“I think the pressure that’s going to be put on her is fair,” Griesbaum said. “She’s going to put a lot on herself. It’s been a gradual process from her freshman year to now. She has incrementally become a better player — just really been a consistent player.”

Schnepf, who is counted on to anchor the defense, will also face the task of assimilating the new faces onto the team.

“It doesn’t worry me at all because I know our coaches only recruit certain type athletes so I know they’ll just fit right in,” Schnepf said. “They’ve already established themselves in high school and in national teams. They worked really hard at camp.”

The team’s camp in July was the first opportunity for the returning players to mix with the five freshmen – Meghan Beamesderfer, Tricia Dean, Kelly Hondros, Sarah Stark and Jessica Werley – and by all accounts, the new blood made a good impression.

“I think they turned some heads,” Griesbaum said. “They definitely got the attention of their teammates. You don’t want it any other way as a coach; you want the freshman to keep raising the bar.”

The recruits won’t be the only new faces on the Grant Field sidelines. In May, the University announced the hiring of Gleason, an Iowa Hall of Famer, as an assistant coach. Gleason’s list of accolades is longer than the Mississippi River and she brings her expertise in scoring – no field hockey player at Iowa has scored more goals or points in a college career.

Gleason will pair with assistant coach Lisa Cellucci – Iowa’s all-time saves leader, and an assistant for six years – to coach the Hawkeyes.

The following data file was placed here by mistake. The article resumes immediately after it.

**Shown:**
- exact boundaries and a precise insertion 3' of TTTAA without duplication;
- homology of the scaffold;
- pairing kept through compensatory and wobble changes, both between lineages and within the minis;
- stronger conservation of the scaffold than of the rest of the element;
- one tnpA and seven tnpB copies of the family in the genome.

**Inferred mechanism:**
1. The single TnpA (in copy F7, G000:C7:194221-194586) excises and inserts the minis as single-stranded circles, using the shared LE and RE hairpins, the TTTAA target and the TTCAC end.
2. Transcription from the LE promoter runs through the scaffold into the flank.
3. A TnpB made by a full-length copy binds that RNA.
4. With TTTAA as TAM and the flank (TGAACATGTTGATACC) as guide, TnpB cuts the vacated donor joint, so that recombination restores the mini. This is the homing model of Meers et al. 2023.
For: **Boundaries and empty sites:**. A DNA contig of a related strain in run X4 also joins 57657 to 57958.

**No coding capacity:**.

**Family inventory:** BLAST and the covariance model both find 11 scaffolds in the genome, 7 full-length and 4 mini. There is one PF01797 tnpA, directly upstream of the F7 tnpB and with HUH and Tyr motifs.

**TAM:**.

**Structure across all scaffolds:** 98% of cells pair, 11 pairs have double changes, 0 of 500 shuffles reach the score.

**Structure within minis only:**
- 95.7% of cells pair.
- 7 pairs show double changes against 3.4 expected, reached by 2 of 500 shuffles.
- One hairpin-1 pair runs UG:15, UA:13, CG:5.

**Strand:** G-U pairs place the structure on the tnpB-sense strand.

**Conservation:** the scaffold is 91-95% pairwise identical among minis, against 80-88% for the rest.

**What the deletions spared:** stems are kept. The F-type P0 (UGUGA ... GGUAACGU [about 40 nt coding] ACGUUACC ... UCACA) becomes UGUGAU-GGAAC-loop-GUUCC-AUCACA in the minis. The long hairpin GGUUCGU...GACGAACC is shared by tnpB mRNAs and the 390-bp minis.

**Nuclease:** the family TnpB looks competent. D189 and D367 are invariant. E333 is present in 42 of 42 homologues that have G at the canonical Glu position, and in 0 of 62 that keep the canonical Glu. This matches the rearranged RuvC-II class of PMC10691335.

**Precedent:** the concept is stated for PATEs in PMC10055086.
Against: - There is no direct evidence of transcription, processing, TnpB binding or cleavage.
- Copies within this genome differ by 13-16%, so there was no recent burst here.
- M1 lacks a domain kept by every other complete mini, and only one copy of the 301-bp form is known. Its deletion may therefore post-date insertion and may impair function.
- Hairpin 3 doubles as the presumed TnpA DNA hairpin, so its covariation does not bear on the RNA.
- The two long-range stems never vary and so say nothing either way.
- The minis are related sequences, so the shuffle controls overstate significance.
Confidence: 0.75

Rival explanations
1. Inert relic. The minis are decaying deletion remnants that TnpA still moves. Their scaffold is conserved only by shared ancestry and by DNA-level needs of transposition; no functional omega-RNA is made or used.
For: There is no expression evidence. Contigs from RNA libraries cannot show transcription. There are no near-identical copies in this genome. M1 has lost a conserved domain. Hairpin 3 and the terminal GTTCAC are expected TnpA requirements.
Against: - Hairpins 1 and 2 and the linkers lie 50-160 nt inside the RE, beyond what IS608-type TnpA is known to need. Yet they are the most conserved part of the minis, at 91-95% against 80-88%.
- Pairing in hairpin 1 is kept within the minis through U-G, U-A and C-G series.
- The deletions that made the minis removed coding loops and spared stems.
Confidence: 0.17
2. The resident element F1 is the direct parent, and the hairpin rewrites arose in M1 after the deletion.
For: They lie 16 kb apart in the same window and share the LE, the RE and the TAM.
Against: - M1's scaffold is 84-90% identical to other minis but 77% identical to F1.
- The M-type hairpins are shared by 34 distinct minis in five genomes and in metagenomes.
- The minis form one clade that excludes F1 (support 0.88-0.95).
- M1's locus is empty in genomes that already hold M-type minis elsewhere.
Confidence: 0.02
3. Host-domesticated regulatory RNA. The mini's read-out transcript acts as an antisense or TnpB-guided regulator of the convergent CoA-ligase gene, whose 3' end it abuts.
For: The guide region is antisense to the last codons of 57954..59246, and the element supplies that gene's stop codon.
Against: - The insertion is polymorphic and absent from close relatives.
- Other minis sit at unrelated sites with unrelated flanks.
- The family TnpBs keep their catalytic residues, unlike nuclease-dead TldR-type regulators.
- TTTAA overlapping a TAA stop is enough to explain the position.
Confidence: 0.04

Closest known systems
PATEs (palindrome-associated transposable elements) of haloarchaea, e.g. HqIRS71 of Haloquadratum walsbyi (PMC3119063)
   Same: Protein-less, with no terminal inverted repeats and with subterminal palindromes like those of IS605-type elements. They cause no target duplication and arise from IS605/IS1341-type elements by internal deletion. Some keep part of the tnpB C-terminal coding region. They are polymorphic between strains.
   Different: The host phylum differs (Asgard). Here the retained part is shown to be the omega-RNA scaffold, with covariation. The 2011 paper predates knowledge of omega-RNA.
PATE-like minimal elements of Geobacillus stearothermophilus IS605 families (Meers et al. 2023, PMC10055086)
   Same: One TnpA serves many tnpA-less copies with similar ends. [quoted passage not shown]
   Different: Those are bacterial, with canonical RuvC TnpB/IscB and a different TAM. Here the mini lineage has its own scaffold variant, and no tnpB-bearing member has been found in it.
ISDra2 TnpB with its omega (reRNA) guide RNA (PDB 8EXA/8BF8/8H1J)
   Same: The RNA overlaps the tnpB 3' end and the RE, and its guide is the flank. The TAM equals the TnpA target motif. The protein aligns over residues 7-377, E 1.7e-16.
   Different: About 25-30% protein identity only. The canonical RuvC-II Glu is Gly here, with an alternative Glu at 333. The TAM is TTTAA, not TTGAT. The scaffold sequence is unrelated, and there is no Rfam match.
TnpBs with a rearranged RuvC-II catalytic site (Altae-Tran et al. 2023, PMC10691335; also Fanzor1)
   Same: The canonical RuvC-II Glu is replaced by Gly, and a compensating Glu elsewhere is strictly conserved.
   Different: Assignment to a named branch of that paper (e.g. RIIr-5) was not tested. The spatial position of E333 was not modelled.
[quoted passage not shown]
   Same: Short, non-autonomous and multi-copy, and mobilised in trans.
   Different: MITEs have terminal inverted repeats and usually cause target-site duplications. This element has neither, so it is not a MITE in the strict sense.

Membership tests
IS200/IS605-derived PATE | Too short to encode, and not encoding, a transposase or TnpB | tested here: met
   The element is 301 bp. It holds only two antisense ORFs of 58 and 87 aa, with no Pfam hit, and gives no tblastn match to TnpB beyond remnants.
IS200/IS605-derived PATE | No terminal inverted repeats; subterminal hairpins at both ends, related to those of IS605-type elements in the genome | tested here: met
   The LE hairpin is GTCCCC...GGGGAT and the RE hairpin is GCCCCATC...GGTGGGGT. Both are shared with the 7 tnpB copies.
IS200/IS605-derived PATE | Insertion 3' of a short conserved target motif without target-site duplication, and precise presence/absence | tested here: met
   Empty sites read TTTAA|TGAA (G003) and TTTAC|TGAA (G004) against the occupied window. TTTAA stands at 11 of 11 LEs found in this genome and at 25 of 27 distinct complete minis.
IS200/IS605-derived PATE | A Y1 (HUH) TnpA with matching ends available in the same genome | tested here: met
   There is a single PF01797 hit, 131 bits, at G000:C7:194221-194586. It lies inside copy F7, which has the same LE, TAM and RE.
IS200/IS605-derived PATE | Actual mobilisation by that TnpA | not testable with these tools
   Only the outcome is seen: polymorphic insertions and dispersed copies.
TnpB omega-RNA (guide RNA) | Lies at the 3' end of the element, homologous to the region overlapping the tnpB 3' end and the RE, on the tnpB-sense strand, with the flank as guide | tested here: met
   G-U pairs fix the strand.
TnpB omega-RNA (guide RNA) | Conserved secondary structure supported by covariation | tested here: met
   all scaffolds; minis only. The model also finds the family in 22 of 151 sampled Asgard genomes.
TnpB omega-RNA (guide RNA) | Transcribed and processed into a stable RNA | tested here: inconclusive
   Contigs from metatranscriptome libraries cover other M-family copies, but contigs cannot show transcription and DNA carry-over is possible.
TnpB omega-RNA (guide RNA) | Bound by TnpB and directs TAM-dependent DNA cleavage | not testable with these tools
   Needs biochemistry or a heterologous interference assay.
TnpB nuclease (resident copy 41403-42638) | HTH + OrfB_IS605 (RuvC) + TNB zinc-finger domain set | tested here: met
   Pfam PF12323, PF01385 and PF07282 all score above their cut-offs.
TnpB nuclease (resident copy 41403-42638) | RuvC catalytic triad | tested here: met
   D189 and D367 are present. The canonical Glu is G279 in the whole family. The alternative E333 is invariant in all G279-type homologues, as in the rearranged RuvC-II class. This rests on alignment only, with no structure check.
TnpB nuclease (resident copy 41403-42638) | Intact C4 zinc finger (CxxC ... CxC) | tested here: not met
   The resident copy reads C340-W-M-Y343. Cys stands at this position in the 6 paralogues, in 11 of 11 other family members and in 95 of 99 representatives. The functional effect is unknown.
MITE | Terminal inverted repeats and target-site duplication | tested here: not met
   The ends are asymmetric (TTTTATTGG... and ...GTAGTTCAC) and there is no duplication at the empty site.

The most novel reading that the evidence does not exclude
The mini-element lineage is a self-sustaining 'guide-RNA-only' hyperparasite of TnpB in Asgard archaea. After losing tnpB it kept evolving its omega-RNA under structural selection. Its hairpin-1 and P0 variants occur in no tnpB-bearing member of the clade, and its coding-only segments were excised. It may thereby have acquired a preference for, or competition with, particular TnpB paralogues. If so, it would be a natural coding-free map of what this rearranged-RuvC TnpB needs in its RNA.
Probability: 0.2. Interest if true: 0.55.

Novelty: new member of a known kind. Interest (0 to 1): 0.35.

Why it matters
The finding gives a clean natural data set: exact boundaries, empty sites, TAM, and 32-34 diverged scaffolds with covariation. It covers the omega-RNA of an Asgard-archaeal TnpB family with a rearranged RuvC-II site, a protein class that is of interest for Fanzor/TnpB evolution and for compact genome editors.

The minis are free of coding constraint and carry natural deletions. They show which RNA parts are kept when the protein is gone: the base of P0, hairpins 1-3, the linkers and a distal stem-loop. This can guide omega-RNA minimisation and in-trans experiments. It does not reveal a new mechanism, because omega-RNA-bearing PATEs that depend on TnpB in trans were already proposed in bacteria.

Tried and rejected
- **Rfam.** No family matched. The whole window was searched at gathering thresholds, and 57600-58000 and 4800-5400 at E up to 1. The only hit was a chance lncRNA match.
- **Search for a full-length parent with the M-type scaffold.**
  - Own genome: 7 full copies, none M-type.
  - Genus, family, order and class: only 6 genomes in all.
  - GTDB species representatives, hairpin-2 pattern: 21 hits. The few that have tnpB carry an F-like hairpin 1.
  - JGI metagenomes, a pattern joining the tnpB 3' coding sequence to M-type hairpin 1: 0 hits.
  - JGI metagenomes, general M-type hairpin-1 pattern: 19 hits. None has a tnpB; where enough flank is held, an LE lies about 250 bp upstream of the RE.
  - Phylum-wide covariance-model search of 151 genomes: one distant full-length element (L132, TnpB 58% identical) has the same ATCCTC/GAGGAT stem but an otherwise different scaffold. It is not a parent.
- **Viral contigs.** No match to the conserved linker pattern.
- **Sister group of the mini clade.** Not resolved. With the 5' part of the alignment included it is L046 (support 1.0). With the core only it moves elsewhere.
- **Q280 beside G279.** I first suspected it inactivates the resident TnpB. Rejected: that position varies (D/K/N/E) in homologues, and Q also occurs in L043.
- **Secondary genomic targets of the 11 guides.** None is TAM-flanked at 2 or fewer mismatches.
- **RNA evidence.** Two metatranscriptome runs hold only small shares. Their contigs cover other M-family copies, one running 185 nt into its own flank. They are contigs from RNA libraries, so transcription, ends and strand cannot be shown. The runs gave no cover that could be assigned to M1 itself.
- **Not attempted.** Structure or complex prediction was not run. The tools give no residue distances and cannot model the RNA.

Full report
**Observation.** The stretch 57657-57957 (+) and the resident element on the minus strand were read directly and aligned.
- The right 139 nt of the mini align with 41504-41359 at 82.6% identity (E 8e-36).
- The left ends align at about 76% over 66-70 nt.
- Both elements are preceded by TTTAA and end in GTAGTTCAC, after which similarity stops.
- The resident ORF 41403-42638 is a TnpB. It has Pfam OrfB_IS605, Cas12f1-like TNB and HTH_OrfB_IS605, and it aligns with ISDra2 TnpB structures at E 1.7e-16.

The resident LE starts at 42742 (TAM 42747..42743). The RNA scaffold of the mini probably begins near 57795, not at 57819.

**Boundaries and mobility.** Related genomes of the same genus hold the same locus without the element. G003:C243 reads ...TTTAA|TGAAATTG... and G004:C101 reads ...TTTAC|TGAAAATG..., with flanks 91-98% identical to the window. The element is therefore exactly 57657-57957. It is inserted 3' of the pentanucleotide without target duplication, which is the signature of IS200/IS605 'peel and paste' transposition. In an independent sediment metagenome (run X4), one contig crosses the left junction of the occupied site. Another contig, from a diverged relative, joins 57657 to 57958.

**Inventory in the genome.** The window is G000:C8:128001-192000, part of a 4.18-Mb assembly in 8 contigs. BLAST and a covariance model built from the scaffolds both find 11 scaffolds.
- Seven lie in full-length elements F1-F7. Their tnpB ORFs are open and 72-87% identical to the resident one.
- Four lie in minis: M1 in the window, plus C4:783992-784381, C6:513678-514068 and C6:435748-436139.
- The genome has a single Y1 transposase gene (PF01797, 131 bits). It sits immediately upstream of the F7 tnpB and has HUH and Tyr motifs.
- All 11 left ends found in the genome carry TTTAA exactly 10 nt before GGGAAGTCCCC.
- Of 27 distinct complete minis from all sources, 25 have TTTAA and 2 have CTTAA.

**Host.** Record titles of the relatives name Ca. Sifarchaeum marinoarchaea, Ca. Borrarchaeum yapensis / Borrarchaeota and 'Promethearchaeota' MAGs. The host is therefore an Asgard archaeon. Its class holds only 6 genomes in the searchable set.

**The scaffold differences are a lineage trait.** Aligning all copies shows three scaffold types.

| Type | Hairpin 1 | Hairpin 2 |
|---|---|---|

“It’s awesome cause you don’t want to let them down, with all the traditions they’ve had and passing it down,” Schnepf said.

“They think it’s really cool,” Griesbaum said of her players getting to work with the renowned assistant coaches. “You come to Iowa when you’re 18, like they did, then they went on to do other things and then they’re back. It’s cool to come back to Iowa City when you’re an East Coast girl.”

Still, standing in the way of excitement for the start of a new season is a rough schedule that starts the Hawkeyes in gorgeous Chapel Hill, N.C. to play ACC powerhouses Wake Forest and North Carolina. Both teams beat the Hawkeyes last year to start the season.

“It’s a phenomenal way to start the season because you get top 10 teams,” Griesbaum said. “This is the best hockey being played until the Final Four – it’s a little preseason Final Four. It’s always very interesting.”